Joyce was concerned that somehow Depp had brought his dogs to Australia without first placing them under the mandated 10-day quarantine. The AFP reports:

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Around the Nation
5:57 am
Fri May 15, 2015

Despite Listeria Warnings Recalled Ice Cream Shows Up Online

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Around the Nation
5:57 am
Fri May 15, 2015

Political Science Professor's Name Added To Presidential Survey

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The Two-Way
4:36 am
Fri May 15, 2015

Missing Marine Helicopter Is Found In Nepal

Originally published on Fri May 15, 2015 10:08 am

A Marine helicopter that went missing while conducting an earthquake relief mission in Nepal was found Friday, 8 miles from Charikot, Nepal.

It's likely that the eight crew members onboard died in the crash, Lt. Gen. John Wissler said during a press conference. Nepalese Defense Secretary Prasad Paudyal told The Wall Street Journal his forces had pulled three bodies from the wreckage.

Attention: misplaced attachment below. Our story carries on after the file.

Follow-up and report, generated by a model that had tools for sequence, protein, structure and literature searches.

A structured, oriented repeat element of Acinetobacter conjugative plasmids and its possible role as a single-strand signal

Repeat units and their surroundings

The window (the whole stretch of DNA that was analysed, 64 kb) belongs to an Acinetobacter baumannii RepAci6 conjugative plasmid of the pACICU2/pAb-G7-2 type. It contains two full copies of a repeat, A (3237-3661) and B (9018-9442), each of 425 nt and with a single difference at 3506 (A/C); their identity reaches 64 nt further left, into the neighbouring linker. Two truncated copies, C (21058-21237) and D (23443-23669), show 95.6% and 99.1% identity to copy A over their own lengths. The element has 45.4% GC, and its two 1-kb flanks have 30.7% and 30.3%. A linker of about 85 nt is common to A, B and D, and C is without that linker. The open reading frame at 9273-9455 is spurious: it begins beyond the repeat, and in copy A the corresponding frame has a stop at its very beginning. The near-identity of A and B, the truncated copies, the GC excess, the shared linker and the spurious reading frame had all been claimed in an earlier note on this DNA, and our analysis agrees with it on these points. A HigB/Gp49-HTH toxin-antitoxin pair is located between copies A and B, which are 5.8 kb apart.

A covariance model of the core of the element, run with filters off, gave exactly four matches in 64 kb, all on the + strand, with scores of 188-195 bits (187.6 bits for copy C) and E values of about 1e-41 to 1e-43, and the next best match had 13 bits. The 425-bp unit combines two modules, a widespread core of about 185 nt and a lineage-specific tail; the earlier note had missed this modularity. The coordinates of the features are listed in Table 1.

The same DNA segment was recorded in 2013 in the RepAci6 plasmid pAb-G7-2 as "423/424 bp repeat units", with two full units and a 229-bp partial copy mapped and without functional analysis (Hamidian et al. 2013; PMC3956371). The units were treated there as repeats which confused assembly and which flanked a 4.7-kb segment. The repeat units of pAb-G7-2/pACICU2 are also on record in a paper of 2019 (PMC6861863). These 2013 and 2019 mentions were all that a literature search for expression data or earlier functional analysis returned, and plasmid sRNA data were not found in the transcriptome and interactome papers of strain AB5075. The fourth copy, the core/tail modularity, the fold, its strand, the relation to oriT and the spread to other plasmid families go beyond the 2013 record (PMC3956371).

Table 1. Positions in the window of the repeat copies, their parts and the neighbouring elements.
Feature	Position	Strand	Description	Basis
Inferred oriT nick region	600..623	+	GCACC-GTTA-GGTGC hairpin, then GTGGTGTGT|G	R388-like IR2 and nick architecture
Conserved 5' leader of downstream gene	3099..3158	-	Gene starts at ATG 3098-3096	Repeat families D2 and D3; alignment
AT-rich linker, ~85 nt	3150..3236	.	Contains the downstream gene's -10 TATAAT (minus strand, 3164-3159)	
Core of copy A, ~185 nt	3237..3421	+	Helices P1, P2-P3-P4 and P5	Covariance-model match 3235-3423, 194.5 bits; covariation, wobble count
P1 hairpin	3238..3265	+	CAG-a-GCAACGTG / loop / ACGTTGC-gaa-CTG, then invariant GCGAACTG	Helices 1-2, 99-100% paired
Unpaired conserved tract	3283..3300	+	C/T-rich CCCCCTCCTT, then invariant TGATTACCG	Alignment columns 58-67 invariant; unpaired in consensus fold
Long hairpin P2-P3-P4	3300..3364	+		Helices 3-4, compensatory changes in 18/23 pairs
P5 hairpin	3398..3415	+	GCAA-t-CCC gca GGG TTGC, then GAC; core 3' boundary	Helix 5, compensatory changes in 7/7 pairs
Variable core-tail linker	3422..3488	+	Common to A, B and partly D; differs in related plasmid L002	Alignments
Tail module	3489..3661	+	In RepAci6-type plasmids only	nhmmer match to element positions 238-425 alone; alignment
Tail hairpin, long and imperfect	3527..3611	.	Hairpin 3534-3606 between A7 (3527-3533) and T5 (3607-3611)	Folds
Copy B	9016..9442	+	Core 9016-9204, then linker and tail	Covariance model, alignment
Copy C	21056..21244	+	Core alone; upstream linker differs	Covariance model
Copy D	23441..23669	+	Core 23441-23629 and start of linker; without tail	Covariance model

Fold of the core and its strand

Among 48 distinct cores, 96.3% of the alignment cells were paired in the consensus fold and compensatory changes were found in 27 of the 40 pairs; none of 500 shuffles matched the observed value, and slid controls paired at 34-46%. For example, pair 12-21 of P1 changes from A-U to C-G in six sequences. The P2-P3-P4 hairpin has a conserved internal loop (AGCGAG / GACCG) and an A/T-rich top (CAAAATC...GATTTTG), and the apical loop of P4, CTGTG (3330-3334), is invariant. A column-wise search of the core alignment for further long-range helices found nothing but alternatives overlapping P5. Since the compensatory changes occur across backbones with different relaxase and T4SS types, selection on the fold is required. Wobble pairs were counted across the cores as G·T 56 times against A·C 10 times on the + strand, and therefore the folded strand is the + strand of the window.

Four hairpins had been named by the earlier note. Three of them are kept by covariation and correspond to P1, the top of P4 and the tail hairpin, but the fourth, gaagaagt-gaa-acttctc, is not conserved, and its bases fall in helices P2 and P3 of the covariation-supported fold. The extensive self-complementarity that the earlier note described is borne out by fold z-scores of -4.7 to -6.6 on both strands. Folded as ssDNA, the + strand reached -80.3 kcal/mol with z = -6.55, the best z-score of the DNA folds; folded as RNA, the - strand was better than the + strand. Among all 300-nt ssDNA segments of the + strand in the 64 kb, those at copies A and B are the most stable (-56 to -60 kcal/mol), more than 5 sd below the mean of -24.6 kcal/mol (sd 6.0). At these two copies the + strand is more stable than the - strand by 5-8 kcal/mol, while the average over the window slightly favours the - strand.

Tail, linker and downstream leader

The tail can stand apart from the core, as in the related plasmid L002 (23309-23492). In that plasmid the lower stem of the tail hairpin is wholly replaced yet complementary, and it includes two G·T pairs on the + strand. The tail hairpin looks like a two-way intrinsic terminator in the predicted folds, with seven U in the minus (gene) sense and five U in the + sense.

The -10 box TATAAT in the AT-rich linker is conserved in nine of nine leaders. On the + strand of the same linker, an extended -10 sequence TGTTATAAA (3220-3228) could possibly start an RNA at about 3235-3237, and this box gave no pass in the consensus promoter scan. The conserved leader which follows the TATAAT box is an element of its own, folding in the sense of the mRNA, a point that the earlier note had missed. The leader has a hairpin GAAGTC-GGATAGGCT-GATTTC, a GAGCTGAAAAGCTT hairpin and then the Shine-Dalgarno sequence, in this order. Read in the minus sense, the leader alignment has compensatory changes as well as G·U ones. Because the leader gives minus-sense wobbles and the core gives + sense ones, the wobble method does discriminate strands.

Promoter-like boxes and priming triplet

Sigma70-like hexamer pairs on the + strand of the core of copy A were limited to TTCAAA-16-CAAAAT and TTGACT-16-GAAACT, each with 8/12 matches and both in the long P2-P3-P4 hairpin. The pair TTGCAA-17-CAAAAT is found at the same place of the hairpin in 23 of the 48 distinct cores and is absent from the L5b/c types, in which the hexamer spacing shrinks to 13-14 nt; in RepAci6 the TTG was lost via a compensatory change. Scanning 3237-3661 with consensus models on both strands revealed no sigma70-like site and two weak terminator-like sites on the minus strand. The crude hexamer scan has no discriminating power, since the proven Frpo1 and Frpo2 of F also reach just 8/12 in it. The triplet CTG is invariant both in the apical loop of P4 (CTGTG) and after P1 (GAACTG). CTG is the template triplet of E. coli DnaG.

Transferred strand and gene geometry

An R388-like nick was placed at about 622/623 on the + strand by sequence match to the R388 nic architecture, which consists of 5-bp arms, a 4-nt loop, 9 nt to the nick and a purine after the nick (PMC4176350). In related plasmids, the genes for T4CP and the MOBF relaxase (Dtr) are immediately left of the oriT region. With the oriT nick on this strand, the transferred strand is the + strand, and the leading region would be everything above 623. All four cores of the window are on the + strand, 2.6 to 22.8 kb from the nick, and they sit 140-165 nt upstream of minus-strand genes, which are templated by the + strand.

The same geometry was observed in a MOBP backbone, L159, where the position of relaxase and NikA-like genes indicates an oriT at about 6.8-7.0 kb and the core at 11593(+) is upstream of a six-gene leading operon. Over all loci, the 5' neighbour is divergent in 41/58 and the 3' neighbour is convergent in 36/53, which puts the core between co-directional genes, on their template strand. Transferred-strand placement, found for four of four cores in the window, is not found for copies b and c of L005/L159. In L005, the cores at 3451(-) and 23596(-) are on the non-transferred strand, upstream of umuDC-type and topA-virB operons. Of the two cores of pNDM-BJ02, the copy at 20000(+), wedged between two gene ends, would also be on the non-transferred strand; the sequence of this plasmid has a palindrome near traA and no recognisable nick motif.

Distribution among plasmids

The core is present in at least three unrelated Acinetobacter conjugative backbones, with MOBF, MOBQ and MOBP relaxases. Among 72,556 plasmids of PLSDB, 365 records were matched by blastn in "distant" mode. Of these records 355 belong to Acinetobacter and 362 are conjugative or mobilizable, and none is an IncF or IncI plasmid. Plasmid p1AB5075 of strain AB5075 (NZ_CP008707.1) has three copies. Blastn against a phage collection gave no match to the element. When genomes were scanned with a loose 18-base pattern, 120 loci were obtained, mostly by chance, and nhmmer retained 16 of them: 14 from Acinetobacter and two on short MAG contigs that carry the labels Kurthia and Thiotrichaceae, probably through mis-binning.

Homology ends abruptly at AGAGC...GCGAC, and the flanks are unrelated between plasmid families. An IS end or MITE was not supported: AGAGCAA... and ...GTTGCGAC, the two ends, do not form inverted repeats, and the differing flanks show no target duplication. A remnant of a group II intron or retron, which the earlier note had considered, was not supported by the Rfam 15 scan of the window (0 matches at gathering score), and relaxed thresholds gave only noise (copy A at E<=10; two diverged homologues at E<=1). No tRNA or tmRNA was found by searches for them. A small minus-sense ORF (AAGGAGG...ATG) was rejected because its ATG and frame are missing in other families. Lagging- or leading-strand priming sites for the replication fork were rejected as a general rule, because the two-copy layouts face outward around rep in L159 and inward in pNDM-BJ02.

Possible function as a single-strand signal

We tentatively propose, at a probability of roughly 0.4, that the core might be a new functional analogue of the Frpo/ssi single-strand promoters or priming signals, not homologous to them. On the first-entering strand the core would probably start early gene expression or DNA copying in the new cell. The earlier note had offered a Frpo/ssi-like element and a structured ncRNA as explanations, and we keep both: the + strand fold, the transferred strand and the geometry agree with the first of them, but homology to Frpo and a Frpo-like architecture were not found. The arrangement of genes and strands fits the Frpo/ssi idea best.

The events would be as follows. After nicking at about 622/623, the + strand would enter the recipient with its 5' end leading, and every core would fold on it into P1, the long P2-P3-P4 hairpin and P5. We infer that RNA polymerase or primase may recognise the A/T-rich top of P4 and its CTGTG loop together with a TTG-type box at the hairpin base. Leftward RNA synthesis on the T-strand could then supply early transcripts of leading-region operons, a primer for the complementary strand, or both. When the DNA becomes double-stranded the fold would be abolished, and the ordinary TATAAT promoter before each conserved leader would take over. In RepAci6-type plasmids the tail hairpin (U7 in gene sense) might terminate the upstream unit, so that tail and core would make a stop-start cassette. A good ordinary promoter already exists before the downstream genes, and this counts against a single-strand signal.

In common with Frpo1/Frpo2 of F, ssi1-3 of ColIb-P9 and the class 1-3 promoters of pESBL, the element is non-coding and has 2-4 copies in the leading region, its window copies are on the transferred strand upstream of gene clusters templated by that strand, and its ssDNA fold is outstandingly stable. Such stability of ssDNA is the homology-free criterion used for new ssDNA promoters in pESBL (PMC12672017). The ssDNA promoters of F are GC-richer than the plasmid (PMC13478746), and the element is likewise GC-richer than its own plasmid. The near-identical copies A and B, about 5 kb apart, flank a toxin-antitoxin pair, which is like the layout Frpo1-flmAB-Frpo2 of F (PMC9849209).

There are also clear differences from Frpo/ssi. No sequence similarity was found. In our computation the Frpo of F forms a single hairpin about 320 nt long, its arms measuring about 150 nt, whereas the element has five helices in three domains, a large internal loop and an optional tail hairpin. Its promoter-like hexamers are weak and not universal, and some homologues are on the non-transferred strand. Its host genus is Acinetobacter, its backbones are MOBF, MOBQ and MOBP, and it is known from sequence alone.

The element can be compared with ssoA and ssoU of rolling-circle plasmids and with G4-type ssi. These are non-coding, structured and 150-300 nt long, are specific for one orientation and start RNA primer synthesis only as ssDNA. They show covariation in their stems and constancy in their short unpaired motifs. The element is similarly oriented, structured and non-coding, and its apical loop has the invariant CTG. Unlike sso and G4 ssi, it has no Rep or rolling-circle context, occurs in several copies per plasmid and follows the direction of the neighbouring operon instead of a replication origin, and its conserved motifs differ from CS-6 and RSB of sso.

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StoryCorps
3:04 am
Fri May 15, 2015

Dad Aches For Son Killed By Policeman 20 Years Ago

Nicholas Heyward Jr. the year before he was killed. "I would give my life today if I could, you know, just have him back," his dad said during a recent visit to StoryCorps.
Courtesy of Nicholas Heyward Sr.

Originally published on Fri May 15, 2015 10:51 am

Before Ferguson, Baltimore, Tamir Rice or Eric Garner, there was 13-year-old Nicholas Heyward Jr.

In 1994, he was playing in the stairwell of the Gowanus Housing Project, where he lived in Brooklyn, when a police officer shot and killed him.

"He was an amazing kid and I don't just say that because he was my son," Nicholas Heyward Sr. says during a recent visit to StoryCorps.

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NPR Story
3:04 am
Fri May 15, 2015

Network's Fall TV Shows Embrace Diverse Casts

Originally published on Fri May 15, 2015 5:57 am

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NPR Story
3:04 am
Fri May 15, 2015